Notre Dame Law School Wins Moot Court Competition

Seigenthaler-Sutherland Cup National First Amendment Moot Court Competition

Moot Court winners Hope Tone, Shannon Lewry and Kayla Clark from Notre Dame School of Law

Third-year law students Hope Tone, Shannon Lewry and Kayla Clark from Notre Dame School of Law won the 2017 Seigenthaler-Sutherland Cup National First Amendment Moot Court Competition, held March 24 – 25 in Washington, D.C.

Hosted by the Newseum Institute and the Columbus School of Law at The Catholic University, the competition welcomed 27 teams from law schools around the country. The competition problem involved public schools’ ability to regulate students’ off-campus speech.

Second place in the competition went to Kelly Kearney and Michael Johnson of the Loyola Chicago School of Law. Kearney and Johnson also won “Best Brief.” The runners-up for “Best Brief” were Sarah Akhtar, Speare Hodges, and Sarah Barr of the Georgetown University Law Center.

The award for “Best Oralist” went to Jared Padway of the University of Wisconsin Law School. Patrick Hill from the Benjamin N. Cardozo School of Law at Yeshiva University was runner-up.

The final-round judges included John H. Garvey, president of The Catholic University of America; Rodney W. Sippel, Chief U.S. District Judge for the Eastern District of Missouri; Judge Jane Stranch, U.S. Court of Appeals for the 6th Circuit; and Susan Webber Wright, Senior U.S. District Judge in the Eastern District of Arkansas.

The Newseum Institute’s First Amendment Center has sponsored a national First Amendment moot court competition for 27 years. Through 2015, the Moot Court was conducted in partnership with the Vanderbilt University Law School, in Nashville. The competition was named for John Seigenthaler, the founder of the Newseum Institute’s First Amendment Center.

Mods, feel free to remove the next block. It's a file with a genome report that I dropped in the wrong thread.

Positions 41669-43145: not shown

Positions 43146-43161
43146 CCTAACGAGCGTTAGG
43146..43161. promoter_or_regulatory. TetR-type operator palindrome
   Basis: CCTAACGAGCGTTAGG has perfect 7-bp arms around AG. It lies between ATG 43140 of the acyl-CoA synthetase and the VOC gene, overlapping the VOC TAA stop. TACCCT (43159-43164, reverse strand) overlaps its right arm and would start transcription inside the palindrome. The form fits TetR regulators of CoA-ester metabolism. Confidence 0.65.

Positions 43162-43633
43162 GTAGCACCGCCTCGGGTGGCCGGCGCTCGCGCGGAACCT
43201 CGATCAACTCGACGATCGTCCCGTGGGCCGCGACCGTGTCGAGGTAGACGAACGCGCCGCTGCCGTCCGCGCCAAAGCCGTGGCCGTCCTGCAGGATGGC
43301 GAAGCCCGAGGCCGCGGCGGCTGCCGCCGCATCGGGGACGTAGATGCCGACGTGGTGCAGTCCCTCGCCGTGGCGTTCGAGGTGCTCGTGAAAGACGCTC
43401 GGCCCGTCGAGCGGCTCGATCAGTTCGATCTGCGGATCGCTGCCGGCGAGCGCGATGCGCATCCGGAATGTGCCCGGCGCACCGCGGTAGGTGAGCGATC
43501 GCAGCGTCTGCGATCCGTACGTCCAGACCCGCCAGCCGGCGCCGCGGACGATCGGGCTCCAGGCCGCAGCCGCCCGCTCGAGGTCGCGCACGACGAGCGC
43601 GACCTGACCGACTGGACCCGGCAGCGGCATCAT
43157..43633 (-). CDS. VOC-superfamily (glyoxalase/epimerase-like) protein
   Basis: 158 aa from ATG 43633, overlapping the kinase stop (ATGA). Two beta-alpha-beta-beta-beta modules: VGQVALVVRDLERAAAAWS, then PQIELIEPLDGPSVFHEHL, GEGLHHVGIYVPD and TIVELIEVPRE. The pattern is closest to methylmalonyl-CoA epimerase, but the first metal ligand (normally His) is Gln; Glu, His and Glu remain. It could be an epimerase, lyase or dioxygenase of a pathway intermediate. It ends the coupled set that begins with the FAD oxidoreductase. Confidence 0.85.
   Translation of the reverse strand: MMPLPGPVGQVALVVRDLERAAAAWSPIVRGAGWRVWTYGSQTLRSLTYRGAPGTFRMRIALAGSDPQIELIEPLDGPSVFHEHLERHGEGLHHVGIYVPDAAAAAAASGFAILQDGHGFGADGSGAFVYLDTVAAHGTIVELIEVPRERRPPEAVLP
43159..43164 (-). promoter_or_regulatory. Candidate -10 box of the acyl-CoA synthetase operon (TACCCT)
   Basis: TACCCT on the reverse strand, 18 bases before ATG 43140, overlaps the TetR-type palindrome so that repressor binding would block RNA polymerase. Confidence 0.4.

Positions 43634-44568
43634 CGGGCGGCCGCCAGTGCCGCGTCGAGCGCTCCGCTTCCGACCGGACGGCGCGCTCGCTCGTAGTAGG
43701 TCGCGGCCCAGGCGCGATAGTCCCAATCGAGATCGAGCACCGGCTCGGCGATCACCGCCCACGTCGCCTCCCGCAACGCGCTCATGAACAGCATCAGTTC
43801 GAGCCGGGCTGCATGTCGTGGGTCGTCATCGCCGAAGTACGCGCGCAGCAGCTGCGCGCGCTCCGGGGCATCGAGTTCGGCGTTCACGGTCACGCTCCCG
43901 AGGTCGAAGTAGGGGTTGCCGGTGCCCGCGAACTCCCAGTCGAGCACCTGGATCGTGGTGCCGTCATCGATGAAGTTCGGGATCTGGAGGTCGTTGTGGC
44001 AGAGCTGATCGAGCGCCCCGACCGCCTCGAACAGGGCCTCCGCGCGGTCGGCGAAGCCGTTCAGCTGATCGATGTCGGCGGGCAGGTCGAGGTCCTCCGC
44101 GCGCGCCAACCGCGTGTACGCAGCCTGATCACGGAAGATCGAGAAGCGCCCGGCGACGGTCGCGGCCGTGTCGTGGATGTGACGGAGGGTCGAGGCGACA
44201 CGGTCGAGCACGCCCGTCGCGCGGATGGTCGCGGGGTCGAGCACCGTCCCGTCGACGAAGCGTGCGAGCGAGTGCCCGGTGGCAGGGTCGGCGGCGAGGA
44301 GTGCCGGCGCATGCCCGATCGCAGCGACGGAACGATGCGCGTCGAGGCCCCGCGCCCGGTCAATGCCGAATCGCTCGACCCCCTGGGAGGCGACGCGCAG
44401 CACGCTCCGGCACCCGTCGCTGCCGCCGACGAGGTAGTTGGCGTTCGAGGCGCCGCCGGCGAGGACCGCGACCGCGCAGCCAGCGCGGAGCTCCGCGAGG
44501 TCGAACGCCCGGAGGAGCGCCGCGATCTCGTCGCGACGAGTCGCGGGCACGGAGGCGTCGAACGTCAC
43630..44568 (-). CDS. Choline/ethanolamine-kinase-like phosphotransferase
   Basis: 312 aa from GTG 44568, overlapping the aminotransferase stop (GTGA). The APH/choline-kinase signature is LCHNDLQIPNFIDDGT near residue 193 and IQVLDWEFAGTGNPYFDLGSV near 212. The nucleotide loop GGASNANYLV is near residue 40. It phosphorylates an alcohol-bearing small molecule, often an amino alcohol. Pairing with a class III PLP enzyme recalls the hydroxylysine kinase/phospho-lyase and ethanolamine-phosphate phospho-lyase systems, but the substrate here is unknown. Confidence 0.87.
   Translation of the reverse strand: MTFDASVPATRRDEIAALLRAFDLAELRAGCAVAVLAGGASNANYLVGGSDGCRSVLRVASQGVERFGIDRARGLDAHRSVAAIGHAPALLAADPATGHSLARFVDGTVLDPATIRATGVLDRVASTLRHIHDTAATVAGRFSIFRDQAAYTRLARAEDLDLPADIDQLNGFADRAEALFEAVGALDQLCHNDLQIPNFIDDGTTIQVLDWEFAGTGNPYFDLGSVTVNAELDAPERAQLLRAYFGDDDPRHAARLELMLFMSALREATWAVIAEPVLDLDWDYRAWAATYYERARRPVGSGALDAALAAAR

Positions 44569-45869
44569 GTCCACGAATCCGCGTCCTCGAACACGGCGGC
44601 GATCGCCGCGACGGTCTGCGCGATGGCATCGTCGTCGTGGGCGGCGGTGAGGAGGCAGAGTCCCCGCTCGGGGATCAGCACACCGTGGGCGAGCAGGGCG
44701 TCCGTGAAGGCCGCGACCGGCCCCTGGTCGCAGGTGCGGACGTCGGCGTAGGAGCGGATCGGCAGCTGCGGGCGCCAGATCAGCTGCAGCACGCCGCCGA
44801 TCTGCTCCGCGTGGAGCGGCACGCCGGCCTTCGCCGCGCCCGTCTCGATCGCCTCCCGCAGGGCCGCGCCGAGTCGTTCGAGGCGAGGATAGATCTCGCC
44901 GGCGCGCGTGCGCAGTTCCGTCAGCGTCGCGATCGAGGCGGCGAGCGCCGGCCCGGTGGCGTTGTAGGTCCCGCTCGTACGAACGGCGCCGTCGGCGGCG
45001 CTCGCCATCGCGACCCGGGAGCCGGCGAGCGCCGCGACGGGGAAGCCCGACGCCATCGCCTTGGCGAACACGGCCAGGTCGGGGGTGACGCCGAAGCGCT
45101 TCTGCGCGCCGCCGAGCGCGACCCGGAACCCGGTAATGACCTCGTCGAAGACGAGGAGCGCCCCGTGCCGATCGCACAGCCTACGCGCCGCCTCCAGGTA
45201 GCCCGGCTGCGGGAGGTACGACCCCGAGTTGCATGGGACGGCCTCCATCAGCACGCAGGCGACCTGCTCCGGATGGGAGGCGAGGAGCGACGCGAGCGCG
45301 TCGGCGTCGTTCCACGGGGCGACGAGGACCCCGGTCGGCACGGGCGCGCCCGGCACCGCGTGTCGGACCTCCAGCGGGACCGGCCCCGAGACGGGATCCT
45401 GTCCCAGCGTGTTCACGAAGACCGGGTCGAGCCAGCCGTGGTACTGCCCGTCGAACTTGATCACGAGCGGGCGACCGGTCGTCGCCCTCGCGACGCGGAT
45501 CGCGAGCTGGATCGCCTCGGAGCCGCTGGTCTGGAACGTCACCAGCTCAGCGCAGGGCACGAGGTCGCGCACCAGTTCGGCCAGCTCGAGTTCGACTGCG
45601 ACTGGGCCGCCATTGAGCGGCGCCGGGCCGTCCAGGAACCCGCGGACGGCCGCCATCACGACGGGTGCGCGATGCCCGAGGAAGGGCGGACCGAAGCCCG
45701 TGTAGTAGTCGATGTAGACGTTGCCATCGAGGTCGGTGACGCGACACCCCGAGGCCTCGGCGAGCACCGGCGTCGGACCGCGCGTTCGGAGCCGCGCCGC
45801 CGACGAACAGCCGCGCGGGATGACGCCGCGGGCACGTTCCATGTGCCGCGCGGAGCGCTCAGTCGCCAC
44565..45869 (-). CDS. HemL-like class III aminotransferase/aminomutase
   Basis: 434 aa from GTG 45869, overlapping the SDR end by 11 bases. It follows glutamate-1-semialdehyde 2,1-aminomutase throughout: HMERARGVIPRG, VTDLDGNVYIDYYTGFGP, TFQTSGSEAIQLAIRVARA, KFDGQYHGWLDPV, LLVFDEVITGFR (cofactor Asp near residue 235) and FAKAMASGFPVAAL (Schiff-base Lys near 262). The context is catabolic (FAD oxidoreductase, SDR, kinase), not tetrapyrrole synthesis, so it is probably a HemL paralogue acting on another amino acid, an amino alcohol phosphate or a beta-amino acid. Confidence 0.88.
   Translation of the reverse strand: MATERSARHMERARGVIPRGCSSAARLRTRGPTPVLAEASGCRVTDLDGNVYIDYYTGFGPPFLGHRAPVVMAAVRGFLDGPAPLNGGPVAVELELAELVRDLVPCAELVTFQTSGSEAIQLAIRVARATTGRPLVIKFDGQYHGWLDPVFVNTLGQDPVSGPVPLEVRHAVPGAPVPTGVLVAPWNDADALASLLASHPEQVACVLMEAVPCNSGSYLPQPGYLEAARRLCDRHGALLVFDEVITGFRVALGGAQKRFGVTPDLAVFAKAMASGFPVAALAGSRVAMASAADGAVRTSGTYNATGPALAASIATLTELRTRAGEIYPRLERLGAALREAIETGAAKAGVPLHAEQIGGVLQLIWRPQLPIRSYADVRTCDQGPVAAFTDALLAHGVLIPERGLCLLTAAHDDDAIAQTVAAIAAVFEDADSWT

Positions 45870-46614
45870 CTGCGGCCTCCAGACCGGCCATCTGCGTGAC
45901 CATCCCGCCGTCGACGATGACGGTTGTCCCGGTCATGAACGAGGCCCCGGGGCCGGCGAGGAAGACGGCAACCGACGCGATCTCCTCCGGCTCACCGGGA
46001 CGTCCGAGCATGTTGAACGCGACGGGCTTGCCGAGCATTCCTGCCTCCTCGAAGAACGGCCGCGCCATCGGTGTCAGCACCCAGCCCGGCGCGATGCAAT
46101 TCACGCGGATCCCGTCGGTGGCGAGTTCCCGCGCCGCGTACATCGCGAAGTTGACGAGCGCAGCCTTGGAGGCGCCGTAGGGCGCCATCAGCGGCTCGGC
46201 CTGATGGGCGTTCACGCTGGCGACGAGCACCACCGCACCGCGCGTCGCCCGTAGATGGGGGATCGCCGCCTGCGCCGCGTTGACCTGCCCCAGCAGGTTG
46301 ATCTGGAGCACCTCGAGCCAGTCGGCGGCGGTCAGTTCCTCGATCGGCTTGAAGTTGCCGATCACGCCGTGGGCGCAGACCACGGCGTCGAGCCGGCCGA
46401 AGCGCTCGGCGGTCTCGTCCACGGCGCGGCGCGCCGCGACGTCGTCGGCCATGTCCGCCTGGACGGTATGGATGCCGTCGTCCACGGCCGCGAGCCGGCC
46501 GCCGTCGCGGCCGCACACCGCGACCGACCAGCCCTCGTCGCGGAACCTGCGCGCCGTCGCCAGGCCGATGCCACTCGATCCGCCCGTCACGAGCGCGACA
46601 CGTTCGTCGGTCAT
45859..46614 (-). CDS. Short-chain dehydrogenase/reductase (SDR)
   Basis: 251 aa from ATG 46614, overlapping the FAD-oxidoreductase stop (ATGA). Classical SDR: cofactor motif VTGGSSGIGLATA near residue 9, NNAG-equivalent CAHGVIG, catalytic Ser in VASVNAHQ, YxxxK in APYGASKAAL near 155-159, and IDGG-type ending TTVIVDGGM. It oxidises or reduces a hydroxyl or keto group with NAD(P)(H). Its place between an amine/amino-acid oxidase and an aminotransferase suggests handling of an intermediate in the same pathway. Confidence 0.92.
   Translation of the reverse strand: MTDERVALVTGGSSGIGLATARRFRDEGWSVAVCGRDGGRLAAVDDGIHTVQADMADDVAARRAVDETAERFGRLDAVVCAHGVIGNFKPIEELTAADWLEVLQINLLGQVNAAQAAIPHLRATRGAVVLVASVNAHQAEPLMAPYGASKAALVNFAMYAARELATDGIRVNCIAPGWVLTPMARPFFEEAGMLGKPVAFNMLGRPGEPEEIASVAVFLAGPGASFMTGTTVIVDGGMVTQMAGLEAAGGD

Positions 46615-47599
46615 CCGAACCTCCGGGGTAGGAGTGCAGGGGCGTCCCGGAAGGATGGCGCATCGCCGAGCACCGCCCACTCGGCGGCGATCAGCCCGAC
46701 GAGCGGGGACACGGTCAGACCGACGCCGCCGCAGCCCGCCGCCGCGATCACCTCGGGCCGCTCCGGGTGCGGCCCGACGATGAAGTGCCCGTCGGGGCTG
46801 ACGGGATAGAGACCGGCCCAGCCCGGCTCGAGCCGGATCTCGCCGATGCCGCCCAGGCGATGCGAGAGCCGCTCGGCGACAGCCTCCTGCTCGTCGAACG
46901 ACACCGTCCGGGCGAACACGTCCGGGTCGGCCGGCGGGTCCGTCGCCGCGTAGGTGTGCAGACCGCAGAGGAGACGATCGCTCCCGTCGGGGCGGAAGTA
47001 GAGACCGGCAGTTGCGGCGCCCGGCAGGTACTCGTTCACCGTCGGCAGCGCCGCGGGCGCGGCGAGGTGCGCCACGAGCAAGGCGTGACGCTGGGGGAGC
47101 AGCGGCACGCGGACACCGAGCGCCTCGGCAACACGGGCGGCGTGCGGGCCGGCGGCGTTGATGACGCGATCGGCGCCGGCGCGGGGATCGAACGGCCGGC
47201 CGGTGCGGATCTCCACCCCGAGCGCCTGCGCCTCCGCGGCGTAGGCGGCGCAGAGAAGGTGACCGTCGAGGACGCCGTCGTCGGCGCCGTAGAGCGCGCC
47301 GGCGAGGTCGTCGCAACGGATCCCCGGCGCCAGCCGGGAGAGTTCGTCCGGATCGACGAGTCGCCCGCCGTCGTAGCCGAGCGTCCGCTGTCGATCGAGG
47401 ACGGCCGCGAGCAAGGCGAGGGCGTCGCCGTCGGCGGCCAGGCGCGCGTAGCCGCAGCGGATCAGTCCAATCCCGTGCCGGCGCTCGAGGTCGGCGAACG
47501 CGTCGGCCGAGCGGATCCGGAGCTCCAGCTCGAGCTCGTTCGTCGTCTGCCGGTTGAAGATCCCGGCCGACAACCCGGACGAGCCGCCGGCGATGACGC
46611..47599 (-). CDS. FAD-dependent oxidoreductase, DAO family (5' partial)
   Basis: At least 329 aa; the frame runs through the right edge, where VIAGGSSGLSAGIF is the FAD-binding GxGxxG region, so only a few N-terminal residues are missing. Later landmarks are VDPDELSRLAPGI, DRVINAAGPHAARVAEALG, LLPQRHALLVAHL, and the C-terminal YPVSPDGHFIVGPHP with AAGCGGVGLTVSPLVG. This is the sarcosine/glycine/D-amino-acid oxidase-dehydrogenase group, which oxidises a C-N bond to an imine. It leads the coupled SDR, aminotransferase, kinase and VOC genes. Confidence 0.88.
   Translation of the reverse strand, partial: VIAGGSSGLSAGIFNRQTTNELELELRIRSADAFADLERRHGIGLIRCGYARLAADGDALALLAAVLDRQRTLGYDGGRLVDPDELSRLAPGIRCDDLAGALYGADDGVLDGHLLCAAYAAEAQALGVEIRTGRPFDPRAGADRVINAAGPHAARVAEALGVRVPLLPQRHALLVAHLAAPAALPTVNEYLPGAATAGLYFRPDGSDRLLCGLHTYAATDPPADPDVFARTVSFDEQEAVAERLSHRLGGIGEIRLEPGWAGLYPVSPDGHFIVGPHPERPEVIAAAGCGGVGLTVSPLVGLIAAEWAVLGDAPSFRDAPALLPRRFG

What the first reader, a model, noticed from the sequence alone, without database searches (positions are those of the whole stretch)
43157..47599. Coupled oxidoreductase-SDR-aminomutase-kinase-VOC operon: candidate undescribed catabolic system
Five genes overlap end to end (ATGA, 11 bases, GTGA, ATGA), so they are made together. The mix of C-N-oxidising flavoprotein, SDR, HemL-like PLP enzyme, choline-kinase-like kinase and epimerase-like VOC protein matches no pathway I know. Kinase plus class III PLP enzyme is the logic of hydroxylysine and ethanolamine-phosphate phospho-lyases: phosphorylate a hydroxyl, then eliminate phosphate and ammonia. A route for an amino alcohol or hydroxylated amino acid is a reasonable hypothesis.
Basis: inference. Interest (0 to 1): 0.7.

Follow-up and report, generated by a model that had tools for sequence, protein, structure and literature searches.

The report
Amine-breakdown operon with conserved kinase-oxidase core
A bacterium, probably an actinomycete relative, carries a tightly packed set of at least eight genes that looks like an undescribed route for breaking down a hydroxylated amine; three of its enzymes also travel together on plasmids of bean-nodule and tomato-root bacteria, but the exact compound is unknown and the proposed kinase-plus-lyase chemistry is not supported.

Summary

The Columbus School of Law has hosted the Sutherland Cup competition since its inception in 1950. The competition was named for Supreme Court Justice George B. Sutherland, an ardent defender of the U.S. Constitution who served as an associate justice of the U.S. Supreme Court from 1922 to 1938. The Sutherland Cup is the oldest continuous private moot court competition in the nation.

PHOTO GALLERY

Here is a complete list of the 2017 competition winners, runners-up and judges:

overall COMPETITION

Winner
Notre Dame School of Law, South Bend, Indiana

Runner-up
Loyola Chicago School of Law, Chicago

BEST BRIEF COMPETITION

Winner
Loyola Chicago School of Law, Chicago

Runner-up
Georgetown University Law Center, Washington, D.C.

BEST ORALIST COMPETITION

Winner
University of Wisconsin Law School, Madison, Wisconsin

Runner-up
Benjamin N. Cardozo School of Law, New York City

Quarter-FINAL ROUND JUDGES

  • Murray Garnick, Deputy General Counsel, Altria Client Services
  • David Hudson, First Amendment Ombudsman, The Newseum Institute’s First Amendment Center
  • The Hon. Ron Jarashow, United States Circuit Court for Anne Arundel County
  • Jack Kirschenbaum, Senior Partner, Gray Robinson, PA
  • Jan Neuharth, Chair and CEO of the Freedom Forum
  • The Hon. Thurman H. Rhodes, United States District Court of Maryland, District Five, Prince George’s County

Semi-final Round Judges

  • Daniel Attridge, Dean at the Columbus School of Law, The Catholic University of America
  • The Hon. Marian F. Harrison, United States Bankruptcy Court, Middle District of Tennessee
  • The Hon. Joseph Leeson, United States District Court for the Eastern District of Pennsylvania

Final Round Judges

  • John H. Garvey, President of The Catholic University of America
  • The Hon. Rodney W. Sippel, United States District Court for the Eastern District of Missouri
  • The Hon. Jane Stranch, United States Court of Appeals for the 6th Circuit
  • The Hon. Susan Webber Wright, U.S. District Court for the Eastern District of Arkansas

2 thoughts on “Notre Dame Law School Wins Moot Court Competition

  1. Hello. Thanks so much for the honor and being able to participate. I just wanted to make note of a minor correction regarding my name. It is Patrick Hill, rather than Hale. Thanks again for the honor!

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